While you can still choose to earmark funds towards purchasing land or buildings, you can also use a 7(a) loan for business renovations, building out a leased property, capital expenditures like meeting payroll expenses, and to help with everyday operating costs.
However, the CDC/504 uses your real estate purchase as collateral, while the 7(a)—since it’s not only for SBA real estate loans—may take business and personal assets as collateral.
Lenders can loan a maximum of $5 million under this program. Although there is no loan minimum, the average loan amount in fiscal year 2012 was $337,730, according to the SBA.
Where Do I Apply?
The best place to start is simply contacting an SBA-approved lender in your area. You can find these through SBA Linc, an online service on the SBA website that connects you with participating lenders. After filling out an online form, you’ll hear back from SBA lenders within two business days—and you’ll be on your way to securing those SBA real estate loans.
To better prepare before talking to a lender, you might want to take a look at the SBA’s loan application checklist to make sure you have all your ducks in a row. If you meet the loan criteria, you’ll then work directly with an approved lender who will help guide you through the application process.
If you’re looking to speed up the historically slow loan process, you do have an option: You can contact alternative online lender SmartBiz. An approved SBA lender, SmartBiz offers loans ranging from $30,000 to $350,000, repayable in 10 years. The company touts 6-8% rates and can fund loans in seven business days after the application is complete, according to the SmartBiz website. Even though the SmartBiz funding process is fast-tracked, be aware that you still have to qualify for financing—just like any other SBA-backed loan.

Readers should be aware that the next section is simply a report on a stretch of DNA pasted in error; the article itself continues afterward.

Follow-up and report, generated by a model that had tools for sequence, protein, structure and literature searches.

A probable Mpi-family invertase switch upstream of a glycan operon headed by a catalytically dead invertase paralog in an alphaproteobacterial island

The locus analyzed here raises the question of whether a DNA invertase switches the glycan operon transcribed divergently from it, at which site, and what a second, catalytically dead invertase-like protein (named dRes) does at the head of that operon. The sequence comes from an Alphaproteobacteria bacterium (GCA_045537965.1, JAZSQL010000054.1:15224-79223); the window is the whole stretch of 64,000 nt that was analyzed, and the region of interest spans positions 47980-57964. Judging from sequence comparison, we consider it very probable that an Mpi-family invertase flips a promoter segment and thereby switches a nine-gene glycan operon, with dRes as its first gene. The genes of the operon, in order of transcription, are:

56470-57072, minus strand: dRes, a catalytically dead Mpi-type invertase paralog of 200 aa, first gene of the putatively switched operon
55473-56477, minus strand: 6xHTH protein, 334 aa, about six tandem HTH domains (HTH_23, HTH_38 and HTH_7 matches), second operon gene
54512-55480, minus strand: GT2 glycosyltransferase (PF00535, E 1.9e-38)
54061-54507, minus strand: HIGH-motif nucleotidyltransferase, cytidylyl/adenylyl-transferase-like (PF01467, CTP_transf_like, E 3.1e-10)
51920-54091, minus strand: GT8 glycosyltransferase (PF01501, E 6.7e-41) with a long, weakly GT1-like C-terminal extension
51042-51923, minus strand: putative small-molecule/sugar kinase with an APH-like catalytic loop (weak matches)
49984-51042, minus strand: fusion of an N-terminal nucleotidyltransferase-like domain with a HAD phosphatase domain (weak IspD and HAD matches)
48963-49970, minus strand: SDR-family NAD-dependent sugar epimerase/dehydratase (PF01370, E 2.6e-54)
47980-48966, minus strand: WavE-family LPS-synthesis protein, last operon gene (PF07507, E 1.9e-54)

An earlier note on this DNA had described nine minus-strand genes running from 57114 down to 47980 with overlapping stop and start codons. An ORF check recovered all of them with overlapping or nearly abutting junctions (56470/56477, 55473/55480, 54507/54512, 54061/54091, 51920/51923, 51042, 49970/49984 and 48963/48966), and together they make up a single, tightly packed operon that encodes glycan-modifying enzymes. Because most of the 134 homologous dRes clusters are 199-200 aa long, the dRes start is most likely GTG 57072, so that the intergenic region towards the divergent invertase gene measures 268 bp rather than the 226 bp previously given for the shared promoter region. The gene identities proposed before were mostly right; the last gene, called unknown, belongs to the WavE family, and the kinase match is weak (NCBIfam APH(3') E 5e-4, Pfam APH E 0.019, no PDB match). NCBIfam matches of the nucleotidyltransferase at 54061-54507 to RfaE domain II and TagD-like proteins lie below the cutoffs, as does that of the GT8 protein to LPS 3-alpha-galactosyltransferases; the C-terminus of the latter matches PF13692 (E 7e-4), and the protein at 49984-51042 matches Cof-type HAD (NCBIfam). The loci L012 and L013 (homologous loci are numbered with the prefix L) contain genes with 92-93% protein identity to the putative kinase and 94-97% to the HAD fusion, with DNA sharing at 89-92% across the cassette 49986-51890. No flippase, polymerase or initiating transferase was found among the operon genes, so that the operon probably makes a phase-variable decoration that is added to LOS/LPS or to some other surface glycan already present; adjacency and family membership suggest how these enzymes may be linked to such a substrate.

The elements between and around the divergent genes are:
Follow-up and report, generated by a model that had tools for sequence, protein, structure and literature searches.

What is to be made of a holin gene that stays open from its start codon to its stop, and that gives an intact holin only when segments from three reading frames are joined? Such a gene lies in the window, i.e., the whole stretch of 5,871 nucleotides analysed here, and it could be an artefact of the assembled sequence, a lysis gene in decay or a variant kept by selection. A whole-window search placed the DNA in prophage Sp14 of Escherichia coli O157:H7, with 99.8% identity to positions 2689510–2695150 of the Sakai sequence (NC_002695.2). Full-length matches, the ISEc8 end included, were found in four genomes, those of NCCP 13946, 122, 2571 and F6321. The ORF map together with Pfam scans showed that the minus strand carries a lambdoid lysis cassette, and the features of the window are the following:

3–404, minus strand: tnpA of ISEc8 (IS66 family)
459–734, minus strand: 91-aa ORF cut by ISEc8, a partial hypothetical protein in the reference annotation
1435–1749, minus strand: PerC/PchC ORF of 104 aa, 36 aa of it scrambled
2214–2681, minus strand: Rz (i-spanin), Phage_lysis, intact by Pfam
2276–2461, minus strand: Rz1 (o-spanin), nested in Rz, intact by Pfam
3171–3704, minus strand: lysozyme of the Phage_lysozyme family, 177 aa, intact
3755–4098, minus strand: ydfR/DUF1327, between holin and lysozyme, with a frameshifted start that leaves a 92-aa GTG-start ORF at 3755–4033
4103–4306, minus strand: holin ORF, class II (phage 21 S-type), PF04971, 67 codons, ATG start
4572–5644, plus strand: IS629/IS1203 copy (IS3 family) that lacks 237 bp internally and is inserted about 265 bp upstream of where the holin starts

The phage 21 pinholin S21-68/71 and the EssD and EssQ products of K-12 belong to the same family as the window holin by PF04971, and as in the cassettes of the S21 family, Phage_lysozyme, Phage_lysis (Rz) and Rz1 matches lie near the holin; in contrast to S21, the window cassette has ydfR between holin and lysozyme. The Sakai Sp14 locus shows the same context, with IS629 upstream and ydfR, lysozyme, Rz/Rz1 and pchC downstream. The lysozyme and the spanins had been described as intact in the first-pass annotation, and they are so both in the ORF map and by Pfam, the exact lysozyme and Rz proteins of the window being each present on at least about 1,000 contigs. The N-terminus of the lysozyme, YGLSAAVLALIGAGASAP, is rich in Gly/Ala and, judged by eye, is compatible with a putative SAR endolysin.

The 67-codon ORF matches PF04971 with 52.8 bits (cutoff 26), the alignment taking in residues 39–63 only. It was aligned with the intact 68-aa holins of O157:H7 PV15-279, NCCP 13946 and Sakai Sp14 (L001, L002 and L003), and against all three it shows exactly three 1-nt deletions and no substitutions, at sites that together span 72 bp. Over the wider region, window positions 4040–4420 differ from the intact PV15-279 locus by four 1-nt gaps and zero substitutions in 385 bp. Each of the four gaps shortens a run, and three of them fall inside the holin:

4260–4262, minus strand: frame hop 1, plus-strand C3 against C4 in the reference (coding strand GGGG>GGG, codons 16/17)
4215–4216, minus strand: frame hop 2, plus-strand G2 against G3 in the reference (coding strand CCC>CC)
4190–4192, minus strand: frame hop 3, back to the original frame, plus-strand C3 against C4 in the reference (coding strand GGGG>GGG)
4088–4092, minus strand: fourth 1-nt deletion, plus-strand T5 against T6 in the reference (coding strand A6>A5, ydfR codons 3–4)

Pros and Cons of SBA Real Estate Loans
The benefits and dangers of SBA real estate loans mirror those of general SBA loans—they’re great to have, but hard to get.
Although known for a lengthy application process, an SBA loan is nonetheless an attractive option for startups and small companies, especially if you can’t get a loan at a traditional bank. Banks often won’t lend to businesses with credit scores lower than 700 or companies which haven’t been in business for at least a few years.
But if your small company is faring well and you have a credit score starting at about 600, you’re likely a candidate for an SBA loan. Your interest rate for an SBA loan will vary depending on the lender, but the APR is based on the current prime rate plus a spread ranging from 2.25% to 2.75%. In addition, some lenders change fees and closing costs. This generally means you are looking at a rate of around 7-8% on the lower end.
You’ll want to keep in mind that an SBA loan is not typically the fastest way to access capital—it can take up to 75 days to receive funding. The SBA loan application process can also be more cumbersome than other types of loan applications, though as always, you should be prepared to provide an SBA-approved lender with your bank information, personal and business credit reports, tax returns, and other business documents.
For SBA real estate loans, all of the above applies, with the added bonus that you have two loan programs to choose from. And because securing real estate can be a lengthy process anyways, the typical delay in SBA funding might not affect you much or at all.
The post How to Find SBA Real Estate Loans for Your Small Business appeared first on Fundera Ledger.
from Fundera Ledger https://www.fundera.com/blog/2015/12/08/sba-real-estate-loans/